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Grab the top-rated Emerson Sensi Wi-Fi Thermostat for $89

It sells elsewhere for at least $115. Plus: The Eero three-node mesh Wi-Fi system drops to $319.

Rick Broida Senior Editor
Rick Broida is the author of numerous books and thousands of reviews, features and blog posts. He writes CNET's popular Cheapskate blog and co-hosts Protocol 1: A Travelers Podcast (about the TV show Travelers). He lives in Michigan, where he previously owned two escape rooms (chronicled in the ebook "I Was a Middle-Aged Zombie").
Rick Broida
3 min read

The Emerson Sensi keeps things blissfully simple, with tactile buttons and a straightforward status screen.

Tyler Lizenby/CNET

I'm a huge fan of smart thermostats -- but not a fan of the two biggest players in the market, Ecobee and Nest . I'll explain why by way of today's deal.

For a limited time, and while supplies last, Newegg has the Emerson Sensi Wi-Fi Thermostat for $89 shipped (plus tax in some states) when you apply promo code NEWEGGSENSI40 at checkout. (You must have and be signed into a Newegg account in order to use codes.) Cheapskate exclusive! It's normally $129, and the best price I've seen elsewhere is $115.

Right off the bat, the Sensi costs far less than either an Ecobee or a Nest. Granted, you can often defray the costs of any smart thermostat by way of rebates from your gas and/or electric companies. Here in Michigan, those two utilities each offer $50 on the purchase of any Wi-Fi-enabled thermostat -- meaning on this deal, I'd actually make $11.

But even the entry-level Nest costs $169, so I'd still be out of pocket for that. As for the Ecobee, which I actually own, I find the UI annoyingly complicated. There are buttons that don't look like buttons (and so you might never know to tap them), and the scheduling interface is just a mess.

I haven't used the Sensi myself, but I can tell you what I immediately like about it: It looks like a traditional thermostat, meaning the learning curve is lower, and it has actual buttons for accessing menus and raising/lowering the temperature. The LCD shows everything I need to see: the current or desired temp (in nice, large numbers) and the mode, fan and schedule settings. Simple. Effective.

Although the Sensi can be controlled via both smartphone apps and smart devices (including Amazon Alexa and Google Assistant), it lacks a few advanced features, like learning and remote sensors. Thus, it won't automatically start to adjust temperatures based on the times of day you're gone, and it can't heat or cool based on the temps of individual rooms.

However, Emerson has added geofencing capabilities, meaning the system can automatically make adjustments when it detects that you've left home (or your phone has, anyway) and when you've returned. This is an improvement since CNET's Meg Wollerton penned her Emerson Sensi review a few years back.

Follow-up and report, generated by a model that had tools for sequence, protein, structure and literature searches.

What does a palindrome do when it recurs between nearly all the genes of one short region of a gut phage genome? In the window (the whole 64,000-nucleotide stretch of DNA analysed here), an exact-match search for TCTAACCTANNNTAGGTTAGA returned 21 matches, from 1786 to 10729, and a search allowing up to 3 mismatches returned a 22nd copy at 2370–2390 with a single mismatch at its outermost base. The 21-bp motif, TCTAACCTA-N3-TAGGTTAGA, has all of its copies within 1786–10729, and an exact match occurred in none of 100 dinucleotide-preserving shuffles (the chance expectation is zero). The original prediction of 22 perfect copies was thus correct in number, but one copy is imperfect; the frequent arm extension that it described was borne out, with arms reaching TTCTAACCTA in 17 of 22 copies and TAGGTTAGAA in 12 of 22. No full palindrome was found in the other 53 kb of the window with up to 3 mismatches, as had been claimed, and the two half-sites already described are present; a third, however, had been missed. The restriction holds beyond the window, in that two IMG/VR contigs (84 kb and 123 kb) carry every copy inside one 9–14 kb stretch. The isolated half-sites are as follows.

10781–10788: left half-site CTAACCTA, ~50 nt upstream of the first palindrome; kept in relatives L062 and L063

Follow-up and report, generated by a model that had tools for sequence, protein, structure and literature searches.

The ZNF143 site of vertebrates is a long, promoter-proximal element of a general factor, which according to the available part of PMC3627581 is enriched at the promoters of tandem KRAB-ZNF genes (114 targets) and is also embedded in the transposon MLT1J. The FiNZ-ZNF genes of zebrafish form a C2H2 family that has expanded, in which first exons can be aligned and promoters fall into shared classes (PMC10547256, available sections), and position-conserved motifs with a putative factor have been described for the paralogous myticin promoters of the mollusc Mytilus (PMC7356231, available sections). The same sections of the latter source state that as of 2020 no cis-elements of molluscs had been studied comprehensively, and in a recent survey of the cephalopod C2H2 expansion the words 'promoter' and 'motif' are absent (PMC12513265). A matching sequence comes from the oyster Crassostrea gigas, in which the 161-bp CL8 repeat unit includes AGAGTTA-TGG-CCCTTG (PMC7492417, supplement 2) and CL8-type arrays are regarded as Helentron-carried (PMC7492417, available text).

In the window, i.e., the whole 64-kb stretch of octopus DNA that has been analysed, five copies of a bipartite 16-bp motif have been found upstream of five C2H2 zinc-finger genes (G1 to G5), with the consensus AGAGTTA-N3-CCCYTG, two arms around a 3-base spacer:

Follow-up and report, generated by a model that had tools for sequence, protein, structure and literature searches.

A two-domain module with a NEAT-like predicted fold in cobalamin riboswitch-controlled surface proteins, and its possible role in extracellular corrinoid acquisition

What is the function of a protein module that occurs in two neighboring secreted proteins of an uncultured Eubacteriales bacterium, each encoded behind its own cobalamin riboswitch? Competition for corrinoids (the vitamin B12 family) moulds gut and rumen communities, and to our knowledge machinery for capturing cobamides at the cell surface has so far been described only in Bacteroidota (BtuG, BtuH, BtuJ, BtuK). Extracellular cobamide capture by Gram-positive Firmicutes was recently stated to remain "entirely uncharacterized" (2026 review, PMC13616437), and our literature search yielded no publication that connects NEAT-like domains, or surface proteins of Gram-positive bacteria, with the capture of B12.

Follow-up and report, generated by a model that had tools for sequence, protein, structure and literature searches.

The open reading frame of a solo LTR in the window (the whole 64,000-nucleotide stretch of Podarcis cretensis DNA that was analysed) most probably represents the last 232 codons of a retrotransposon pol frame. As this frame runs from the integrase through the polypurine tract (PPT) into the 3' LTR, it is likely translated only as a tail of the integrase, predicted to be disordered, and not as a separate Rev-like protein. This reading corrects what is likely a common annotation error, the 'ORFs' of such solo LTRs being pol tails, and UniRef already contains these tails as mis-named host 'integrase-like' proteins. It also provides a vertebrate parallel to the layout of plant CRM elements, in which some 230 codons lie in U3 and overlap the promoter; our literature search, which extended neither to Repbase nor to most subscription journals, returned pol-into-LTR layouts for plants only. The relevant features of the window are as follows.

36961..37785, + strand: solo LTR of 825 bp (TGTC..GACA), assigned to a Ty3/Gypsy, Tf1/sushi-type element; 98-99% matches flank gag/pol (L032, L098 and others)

There may be newer, fancier smart thermostats out there, but if you want something super-affordable (and potentially even free!) and super simple, this is a great option.

Bonus deal: Get an Eero Mesh Wi-Fi system for $319 (save $80)

If you've been thinking about a router upgrade, because performance isn't what you expect or your Wi-Fi signal doesn't reach all corners of your house, good news: My favorite solution is on sale.


This kit comes with one Eero and two Beacons, enough to cover most two to four-bedroom homes.  

Josh Miller/CNET

Today only, and while supplies last, Amazon has the Eero Home WiFi System (three nodes) for $319 shipped. Regular price: $399. Sales are rare, and only once has this item been priced lower.

I own this exact configuration. The main node is plugged into my cable modem. The two Eero Beacons (which have night lights!) are on the other floors of my house. The best thing I can say about it is that once I installed it, I more or less forgot about it. That's because Wi-Fi has worked perfectly ever since. Your mileage may vary, of course, because lots of things can affect Wi-Fi performance. But compared with other routers I've used in the past, the Eero is pure pleasure. It's blissfully easy to set up and configure.

Oh, and don't worry about the optional Eero Plus subscription. It's totally unnecessary. Once you buy the kit, you're done.

If you live in a smaller house (with one or two bedrooms), consider grabbing the Eero Home two-node kit for $239, a savings of $60. Again, it's not the lowest price to date, but still a good deal on what I consider a great mesh-network system.

CNET's Cheapskate scours the web for great deals on PCs, phones , gadgets and much more. Note that CNET may get a share of revenue from the sale of the products featured on this page. Questions about the Cheapskate blog? Find the answers on our FAQ page. Find more great buys on the CNET Deals page and follow the Cheapskate on Facebook and Twitter!

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